THERE’S an old saying that you get out of things what you put into them. Being a golf fan falls into this category.
For most of us, professional golf is a sport viewed mostly through the prism of television which, ironically, might be about the worst way imaginable to experience the game.
While technology constantly improves the television viewing experience, the fact is that its two-dimensional version of golf doesn’t begin to do the game justice.
Microphones pick up the sound of Adam Scott striking a 5-iron but it can’t compare to what you hear standing next to the man himself.
Graphics can lay out the distance to the green as Jordan Spieth stands over his ball but from directly behind him, the appreciation of what he actually faces takes on another dimension.
And for all the clever tricks developed to illustrate on screen how a putt will break, there is nothing like seeing with your own eyes the movement of the land that will take the ball on its journey to the hole.
None of which is to disparage television or the fantastic job it does in covering the game.
Week in and week out golf fans are treated to world class broadcasts from all corners of the globe, allowing us to keep up with the game’s biggest stars.
But it has its limitations and, starting at next week’s NSW Open, Australian fans are about to get our annual chance to see what professional golf looks like in the flesh.
And it’s something worth making an effort for.
ADAM SCOTT EXCITED FOR THE SUMMER OF GOLF:
Three of the four main events to be played on these shores between now and Christmas will be televised which, for those unable to attend, is a godsend.
But if you live in or near Sydney, Melbourne or the Gold Coast, do yourself a favour and make the effort to head to the course to watch some of the action first hand.
As we are every year we will be blessed with the presence of some of the game’s finest players over the coming summer and, for most of us, this will be our only opportunity to say we saw them up close.
At Stonecutters Ridge in Sydney next week a strong, though not particularly high profile, field will gather to battle for the Kel Nagle Cup but one player, in particular, will stand out.
Canadian former World Long Drive champion Jamie Sadlowski plays the first of back to back weeks in Sydney and his is a talent that really can’t be appreciated on TV.
Sadlowski has a personal best drive of more than 400 metres and hits his 2-iron close to 270 metres.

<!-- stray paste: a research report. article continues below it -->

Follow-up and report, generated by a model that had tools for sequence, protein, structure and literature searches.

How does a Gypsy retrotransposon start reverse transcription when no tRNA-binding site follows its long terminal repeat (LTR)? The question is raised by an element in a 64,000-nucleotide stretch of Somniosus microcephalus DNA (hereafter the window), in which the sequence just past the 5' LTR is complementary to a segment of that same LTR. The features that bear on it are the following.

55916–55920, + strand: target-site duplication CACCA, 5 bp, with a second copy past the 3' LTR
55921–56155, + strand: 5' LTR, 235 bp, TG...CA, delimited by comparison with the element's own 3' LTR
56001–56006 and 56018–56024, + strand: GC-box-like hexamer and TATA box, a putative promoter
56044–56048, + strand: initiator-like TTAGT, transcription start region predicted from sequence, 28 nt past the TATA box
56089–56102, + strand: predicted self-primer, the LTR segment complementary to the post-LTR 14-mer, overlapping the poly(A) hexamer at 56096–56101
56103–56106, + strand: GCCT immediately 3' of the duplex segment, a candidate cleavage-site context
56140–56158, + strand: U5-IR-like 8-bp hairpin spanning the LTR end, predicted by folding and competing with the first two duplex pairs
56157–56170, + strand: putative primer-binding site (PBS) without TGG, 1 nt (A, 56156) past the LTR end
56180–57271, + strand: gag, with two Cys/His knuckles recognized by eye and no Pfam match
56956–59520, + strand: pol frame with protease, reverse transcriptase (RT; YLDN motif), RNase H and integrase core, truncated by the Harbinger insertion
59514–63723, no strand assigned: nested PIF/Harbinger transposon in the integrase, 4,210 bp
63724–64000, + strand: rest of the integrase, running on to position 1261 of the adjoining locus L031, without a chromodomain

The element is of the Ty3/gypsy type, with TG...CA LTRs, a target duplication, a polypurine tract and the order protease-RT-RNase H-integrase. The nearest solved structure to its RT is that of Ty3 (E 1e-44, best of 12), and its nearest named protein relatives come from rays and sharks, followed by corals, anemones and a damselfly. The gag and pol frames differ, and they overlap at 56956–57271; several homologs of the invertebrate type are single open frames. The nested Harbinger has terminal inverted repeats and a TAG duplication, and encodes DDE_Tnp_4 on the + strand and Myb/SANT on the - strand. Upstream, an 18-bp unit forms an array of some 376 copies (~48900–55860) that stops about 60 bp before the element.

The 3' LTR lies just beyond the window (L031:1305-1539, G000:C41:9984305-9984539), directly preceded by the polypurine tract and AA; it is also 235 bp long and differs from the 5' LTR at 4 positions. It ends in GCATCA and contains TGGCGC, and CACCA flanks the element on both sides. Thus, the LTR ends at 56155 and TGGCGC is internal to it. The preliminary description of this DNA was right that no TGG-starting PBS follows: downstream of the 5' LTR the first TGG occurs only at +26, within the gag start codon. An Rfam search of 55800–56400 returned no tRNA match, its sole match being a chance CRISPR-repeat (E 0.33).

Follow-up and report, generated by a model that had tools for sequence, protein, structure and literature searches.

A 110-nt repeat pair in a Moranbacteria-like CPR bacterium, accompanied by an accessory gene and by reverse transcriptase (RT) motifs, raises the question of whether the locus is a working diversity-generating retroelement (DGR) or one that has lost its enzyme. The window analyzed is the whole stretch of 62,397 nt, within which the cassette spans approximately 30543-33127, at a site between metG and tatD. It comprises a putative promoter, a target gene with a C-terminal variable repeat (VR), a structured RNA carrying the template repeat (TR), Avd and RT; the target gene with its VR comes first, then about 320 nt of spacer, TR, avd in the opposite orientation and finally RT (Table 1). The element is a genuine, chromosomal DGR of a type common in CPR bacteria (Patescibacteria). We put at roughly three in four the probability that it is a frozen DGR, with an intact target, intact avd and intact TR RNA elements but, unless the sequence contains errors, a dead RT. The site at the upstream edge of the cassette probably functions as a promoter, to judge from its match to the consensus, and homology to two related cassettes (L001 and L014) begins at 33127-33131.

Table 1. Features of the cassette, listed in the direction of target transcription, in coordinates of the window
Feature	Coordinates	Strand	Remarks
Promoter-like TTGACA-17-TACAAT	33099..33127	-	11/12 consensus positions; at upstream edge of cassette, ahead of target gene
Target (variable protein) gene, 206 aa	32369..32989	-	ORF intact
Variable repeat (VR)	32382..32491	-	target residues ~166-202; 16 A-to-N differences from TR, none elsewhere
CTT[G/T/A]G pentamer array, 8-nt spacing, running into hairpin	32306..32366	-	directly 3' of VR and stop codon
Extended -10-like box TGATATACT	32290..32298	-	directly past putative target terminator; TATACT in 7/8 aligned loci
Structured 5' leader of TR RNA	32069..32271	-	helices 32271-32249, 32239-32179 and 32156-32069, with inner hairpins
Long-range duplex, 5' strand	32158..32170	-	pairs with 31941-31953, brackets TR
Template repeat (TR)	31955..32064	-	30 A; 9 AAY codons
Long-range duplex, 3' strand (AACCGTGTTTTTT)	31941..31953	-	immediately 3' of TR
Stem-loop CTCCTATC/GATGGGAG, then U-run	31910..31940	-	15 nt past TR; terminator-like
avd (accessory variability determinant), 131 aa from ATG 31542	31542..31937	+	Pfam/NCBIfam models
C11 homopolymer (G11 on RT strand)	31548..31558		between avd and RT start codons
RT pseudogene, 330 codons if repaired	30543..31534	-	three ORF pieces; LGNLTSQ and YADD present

It is safe to say only a tiny proportion of golfers have seen anything like that in the flesh and if you’re a genuine fan of the game, his presence represents a unique opportunity indeed.
Sadlowski’s talent is both rare and raw but with Adam Scott and Jordan Spieth headlining the following week’s Australian Open at Royal Sydney golfing purists will be in heaven.
Both former US Masters champions, Scott possesses perhaps the most elegant action of the modern era, pretty on TV but a thing of genuine beauty when seen in the flesh.
Spieth has a less attractive golf swing than Scott but a more disciplined mind for the game might be difficult to find.
JORDAN SPIETH TALKS ABOUT THE SWING THOUGHTS HE TAKES ON TO THE COURSE:
What he lacks in length (which is not as much as many think) the two-time major winner makes up for in mental strength and attitude and any aspiring young player would do well to follow him for 18 holes.
From Royal Sydney the travelling circus moves to Melbourne for the unique World Cup of Golf at Kingston Heath.
If the constant diet of 72-hole strokeplay that makes up the bulk of professional golf occasionally gets you down, this is the tournament for you.
Two-man teams representing 28 countries playing two days of four ball and two days of foursomes; a refreshing change indeed, and all on one of the world’s great golf courses.
Scott will again be in the field, teaming with Marc Leishman to fly the Australian flag, but this tournament will be as much about seeing some of the rising stars of the game as the big names.
Rickie Fowler and reigning PGA Champion Jimmy Walker will represent the US while Masters Champion Danny Willett will team with Lee Westwood for England.
Japan’s first WGC winner, Hideki Matsuyama, will team with Ryo Ishikawa and three-time 2016 European Tour winner Alex Noren joins countryman David Lingmerth.
But the real reward for making the effort to travel to Kingston Heath is to be found in some of the lesser known names.
Spain’s Jon Rahm is tipped by most analysts to be a future superstar of the game and he joins Rafa Cabrera-Bello for the week.
Argentina’s Emiliano Grillo has already won on the PGA Tour and is set to be a top 10 player in the world while Thailand’s Kiradech Aphibarnrat is fast becoming one of the game’s great characters.
If and when any of these players might return to these shores is an unknown and the opportunity to see them now, and perhaps one day tell your grandchildren about it, is one not to be missed.
From Melbourne the Tour moves to the Gold Coast for the only European Tour co-sanctioned event of the Australian summer, the Australian PGA Championship.
Queensland fans will be pleased to hear Adam Scott will be teeing up at Royal Pines but there will be plenty of other intriguing players on hand, too.
Olympians Marcus Fraser and Scott Hend , both European Tour regulars, are in the field as is history-making US Amateur champion Curtis Luck.
Add in a strong international presence from the European Tour and the tournament is guaranteed to once again boast top notch golf.
While all of this compelling golf will be available to watch on TV from the comfort of your couch don’t be tempted to limit yourself to just that.
A day at the golf is a spectating experience no other sport can match.
If you’re a golf fan, make sure you grab the opportunity while you can.
Photo: Justin Falconer
THE WEEK IN GOLF GOES BEHIND THE SCENES AT THE WORLD CUP OF GOLF:
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